A recent report produced by the International Cooperative and Mutual Insurance Federation (ICMIF) and the Institute of Policy Studies of Sri Lanka (IPS) highlighted the challenges of microinsurance in Sri Lanka. This includes the lack of policies and regulatory mechanisms to facilitate microinsurance, in particular minimum capital and reinsurance requirements as well as Risk-Based Capital (RBC). This also includes the segregation of life and general insurance business, as a reality of microinsurance is that ideally a variety of covers would be offered in one package, including both life, health and general insurance coverage.
An additional challenge for microinsurance is a strong reluctance of microinsurance organisations to partner with formal insurance providers. This is an issue of trust as many informal, community-based organisations feel that the profit-maximising outlook of formal insurance companies is potentially damaging to their welfare-maximising endeavours.
A further challenge is the presence of the government in the microinsurance industry and resulting reliance on government assistance in times of disaster. In addition to the government’s assistance, low-income households were found to be highly reliant on community-based networks as a risk management strategy. The high level of social organisation in village communities points to the availability of room for growth for mutual and cooperative microinsurance providers, yet to be fully exploited.
The low demand for insurance among low-income households also contributes to impeding the growth of the microinsurance industry. A major reason for the low demand is the lack of insurance awareness among low income households. Additionally, these households express high levels of mistrust towards insurance companies due to past experiences. Furthermore, the microinsurance industry targets the low-income households which can often be characterised by highly irregular and seasonal income patterns; the inability of such households to commit to periodical premium payments has also contributed to shrinking their demand for insurance.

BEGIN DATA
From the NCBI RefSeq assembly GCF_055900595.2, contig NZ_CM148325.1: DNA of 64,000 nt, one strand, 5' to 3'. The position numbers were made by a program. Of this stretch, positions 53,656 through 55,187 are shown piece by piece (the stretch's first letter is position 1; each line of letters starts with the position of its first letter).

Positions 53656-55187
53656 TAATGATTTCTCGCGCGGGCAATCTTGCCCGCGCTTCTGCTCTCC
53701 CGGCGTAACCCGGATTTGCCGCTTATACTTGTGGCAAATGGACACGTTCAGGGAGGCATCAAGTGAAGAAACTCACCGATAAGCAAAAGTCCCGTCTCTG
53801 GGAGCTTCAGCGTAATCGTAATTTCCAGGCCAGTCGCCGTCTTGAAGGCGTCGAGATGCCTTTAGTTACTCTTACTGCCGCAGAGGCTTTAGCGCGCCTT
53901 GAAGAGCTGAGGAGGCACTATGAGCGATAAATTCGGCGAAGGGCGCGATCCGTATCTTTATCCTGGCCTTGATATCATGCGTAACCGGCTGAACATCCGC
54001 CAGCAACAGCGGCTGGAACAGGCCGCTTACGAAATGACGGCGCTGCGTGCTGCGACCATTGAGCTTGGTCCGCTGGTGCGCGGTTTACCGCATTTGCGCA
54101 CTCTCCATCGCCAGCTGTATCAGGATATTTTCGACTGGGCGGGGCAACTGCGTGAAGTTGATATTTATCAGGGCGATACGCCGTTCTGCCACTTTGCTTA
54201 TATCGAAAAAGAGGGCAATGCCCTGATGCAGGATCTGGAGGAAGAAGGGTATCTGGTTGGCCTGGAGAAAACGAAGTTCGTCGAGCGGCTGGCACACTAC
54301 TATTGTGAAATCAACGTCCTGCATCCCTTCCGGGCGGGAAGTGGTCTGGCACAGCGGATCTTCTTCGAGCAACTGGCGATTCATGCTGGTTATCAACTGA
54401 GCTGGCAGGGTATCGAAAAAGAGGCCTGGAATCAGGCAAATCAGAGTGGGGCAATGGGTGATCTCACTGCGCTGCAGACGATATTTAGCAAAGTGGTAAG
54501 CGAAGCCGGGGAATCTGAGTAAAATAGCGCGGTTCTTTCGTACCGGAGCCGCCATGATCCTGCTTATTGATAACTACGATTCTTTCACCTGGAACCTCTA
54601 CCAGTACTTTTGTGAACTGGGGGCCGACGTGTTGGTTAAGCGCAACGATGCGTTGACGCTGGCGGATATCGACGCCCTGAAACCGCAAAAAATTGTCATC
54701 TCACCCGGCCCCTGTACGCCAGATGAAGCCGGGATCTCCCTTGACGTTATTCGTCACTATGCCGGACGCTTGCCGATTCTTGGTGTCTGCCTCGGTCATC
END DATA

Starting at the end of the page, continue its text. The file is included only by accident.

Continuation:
These above challenges are the perfect storm for a discretionary mutual approach:
- As discretionary mutuals are not even classified as insurers in some countries, wherever discretionary mutuals are developed the regulations should allow for actuarially appropriate levels of RBC and capital levels. Since benefits are not guaranteed the risks in such an operation would be significantly lower than traditional insurance. Similarly all classes of coverage, life and general, should be allowed for together in the discretionary mutual structure.
- The issue of trust does not enter into discussions with respect to discretionary mutuals as pools are created for the participants, with the surplus of the pool being given back to participants either directly or through the group the participant is a member of. The use of groups of participants rather than selling on an individual basis also leads to increased trust.
- Discretionary mutual pools can offer very precise coverage desired by the participant and can thus work around coverage being provided by the government.